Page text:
An old Polish saying goes: better rydz than nothing. However, few people know that it refers not to the ricot - a fungus - but to the plant from the so-called cabbage family, the gold-of-pleasure or gold-of-pleasure. It is from this plant that we obtain castor oil. So how much truth is there in this old adage? Is gold-of-pleasure actually at best a consolation prize in the world of fats? Let's find out!
Although gold-of-pleasure is a plant that has been common and cultivated in Poland for centuries, the oil produced from it has recently disappeared into the shadows of rapeseed and sunflower seeds. And why do we reach for it much less often these days? Is it really a fat only for connoisseurs, who appreciate rarer oils - such as those made from pumpkin seeds, thistle or flax?
Castor oil in the past and today
Castor oil, which gets its name from its distinctive golden-rusty-brown color (in which some even see notes of green), has recently passed into oblivion. Once upon a time, when gold-of-pleasure was abundant in all Polish soils, it appeared only as a less attractive option - a cheaper substitute for animal fats. Consequently, it was chosen mainly on poorer farms. And so the saying we recalled was born: better a russet than nothing. Today, when we are more familiar with the impact of frequent consumption of animal fats on our health and are able to more accurately select fat for our culinary purposes, castor oil should return to our favor - and to restaurant shelves. All thanks to its unique values.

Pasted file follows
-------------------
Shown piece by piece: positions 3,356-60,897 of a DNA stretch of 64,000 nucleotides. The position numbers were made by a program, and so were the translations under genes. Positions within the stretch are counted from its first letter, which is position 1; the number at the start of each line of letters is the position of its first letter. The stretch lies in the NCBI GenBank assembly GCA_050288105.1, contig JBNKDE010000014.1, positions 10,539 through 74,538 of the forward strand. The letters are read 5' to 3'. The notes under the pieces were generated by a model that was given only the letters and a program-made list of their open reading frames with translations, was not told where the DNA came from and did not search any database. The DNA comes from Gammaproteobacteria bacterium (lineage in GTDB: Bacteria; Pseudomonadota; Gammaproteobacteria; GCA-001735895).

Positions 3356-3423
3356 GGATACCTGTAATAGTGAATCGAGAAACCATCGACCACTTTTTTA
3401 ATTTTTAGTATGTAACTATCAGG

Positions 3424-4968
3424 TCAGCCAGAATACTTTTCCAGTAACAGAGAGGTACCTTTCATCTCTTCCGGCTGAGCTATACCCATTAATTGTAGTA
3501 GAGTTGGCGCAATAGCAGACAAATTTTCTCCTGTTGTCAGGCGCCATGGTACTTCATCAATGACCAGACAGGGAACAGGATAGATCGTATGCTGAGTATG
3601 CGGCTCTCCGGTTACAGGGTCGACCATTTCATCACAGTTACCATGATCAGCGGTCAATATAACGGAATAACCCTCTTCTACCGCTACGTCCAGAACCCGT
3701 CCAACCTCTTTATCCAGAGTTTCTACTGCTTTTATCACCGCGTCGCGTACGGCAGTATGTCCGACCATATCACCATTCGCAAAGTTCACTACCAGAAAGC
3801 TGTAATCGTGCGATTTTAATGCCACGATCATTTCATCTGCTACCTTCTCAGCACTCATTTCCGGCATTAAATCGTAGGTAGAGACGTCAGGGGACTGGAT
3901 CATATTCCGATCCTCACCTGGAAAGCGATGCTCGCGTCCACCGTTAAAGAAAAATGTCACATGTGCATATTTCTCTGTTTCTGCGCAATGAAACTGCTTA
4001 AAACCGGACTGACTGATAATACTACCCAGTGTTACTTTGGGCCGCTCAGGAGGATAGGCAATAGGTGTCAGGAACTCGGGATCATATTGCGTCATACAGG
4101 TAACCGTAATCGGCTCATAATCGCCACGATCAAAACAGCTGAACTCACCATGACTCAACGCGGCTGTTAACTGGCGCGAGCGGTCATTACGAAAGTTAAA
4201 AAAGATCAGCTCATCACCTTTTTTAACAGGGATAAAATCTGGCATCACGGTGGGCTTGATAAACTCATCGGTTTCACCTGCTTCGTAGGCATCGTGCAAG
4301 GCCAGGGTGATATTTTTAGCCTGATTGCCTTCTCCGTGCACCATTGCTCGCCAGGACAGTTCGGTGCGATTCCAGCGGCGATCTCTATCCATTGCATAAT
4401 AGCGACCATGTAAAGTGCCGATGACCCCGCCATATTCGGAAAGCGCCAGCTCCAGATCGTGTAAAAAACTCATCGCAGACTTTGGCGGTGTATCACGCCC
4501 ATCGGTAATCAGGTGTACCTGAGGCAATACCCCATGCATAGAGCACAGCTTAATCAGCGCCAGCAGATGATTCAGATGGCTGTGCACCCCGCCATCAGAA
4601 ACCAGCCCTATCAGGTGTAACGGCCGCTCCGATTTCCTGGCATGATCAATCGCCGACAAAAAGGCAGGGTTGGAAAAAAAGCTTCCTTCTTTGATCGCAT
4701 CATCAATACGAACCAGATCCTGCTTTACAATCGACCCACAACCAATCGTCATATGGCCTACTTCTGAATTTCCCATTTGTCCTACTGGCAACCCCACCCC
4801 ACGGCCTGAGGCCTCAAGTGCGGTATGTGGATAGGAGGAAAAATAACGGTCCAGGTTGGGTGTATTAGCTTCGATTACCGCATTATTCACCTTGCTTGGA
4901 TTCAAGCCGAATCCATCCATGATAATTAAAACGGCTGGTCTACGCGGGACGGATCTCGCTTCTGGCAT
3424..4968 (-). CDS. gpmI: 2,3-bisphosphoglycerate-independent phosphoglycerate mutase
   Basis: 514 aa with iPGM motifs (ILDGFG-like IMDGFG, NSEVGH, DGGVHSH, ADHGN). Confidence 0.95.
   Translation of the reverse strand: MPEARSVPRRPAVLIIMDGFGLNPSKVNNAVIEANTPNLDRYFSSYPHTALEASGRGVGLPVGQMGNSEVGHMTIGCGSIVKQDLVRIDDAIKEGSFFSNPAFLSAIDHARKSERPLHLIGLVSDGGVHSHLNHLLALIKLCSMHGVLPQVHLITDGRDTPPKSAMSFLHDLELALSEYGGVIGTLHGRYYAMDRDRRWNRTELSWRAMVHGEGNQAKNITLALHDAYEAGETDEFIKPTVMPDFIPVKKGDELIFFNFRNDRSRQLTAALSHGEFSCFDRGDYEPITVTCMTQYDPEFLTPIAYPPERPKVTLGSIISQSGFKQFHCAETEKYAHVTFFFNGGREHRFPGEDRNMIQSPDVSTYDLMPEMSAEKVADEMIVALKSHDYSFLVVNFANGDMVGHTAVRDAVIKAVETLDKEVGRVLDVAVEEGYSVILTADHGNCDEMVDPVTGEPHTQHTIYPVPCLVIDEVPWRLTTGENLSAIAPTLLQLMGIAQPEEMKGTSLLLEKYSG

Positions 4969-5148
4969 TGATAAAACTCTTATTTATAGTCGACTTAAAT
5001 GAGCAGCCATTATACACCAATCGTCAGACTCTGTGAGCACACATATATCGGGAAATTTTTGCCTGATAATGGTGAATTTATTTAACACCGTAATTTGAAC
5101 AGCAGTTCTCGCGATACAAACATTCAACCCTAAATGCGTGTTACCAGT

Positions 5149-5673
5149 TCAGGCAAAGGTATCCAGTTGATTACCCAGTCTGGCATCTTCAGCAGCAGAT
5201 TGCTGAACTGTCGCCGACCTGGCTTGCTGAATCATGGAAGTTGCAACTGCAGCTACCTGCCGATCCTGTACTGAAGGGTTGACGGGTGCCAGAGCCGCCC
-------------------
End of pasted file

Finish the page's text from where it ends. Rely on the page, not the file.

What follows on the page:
Properties of castor oil. Is it worth adding it to your diet?
Compared to other fats, castor oil stands out primarily because of its favorable ratio of omega-3 to omega-6 fatty acids. Rich in vitamin E and plant sterols, it is a good supplement to the daily diet - and for people with a greater need for omega-3 fatty acids (e.g., with cholesterol problems) it can even be recommended by a nutritionist. Omega-3 is famous for its anti-cancer and anti-inflammatory effects. Therefore, castor oil can be a valuable substitute for other fats in our kitchens. What's more, gold-of-pleasure oil will work well not only for taking care of your body from the inside, but also from the outside: as part of your daily skin care routine. It can be an addition to hair masks, body and face creams, and even a natural makeup remover.
How to use castor oil in the kitchen and restaurant?
Probably, it is the use of gold-of-pleasure oil in cooking that has made rapeseed and sunflower outbid it in terms of popularity in our country. To preserve its valuable properties, castor oil should be pressed at a low temperature and served cold. In the case of this fat, heat treatment (including our favorite frying) is not a good idea - it is better to use it as an addition to dressings or sauces. The distinctive flavor of castor oil (slightly pungent, with a subtle hint of onion and a slight hint of mustard) makes it an excellent alternative to the milder olive oil that so often features in our kitchens. Castor oil will also be a very simple yet intriguing addition to a restaurant's menu - especially in the section with salads and starters served cold. However, it is worth bearing in mind that it is a fat with a peculiar, perceptible aroma. The key to serving it, therefore, will be moderation!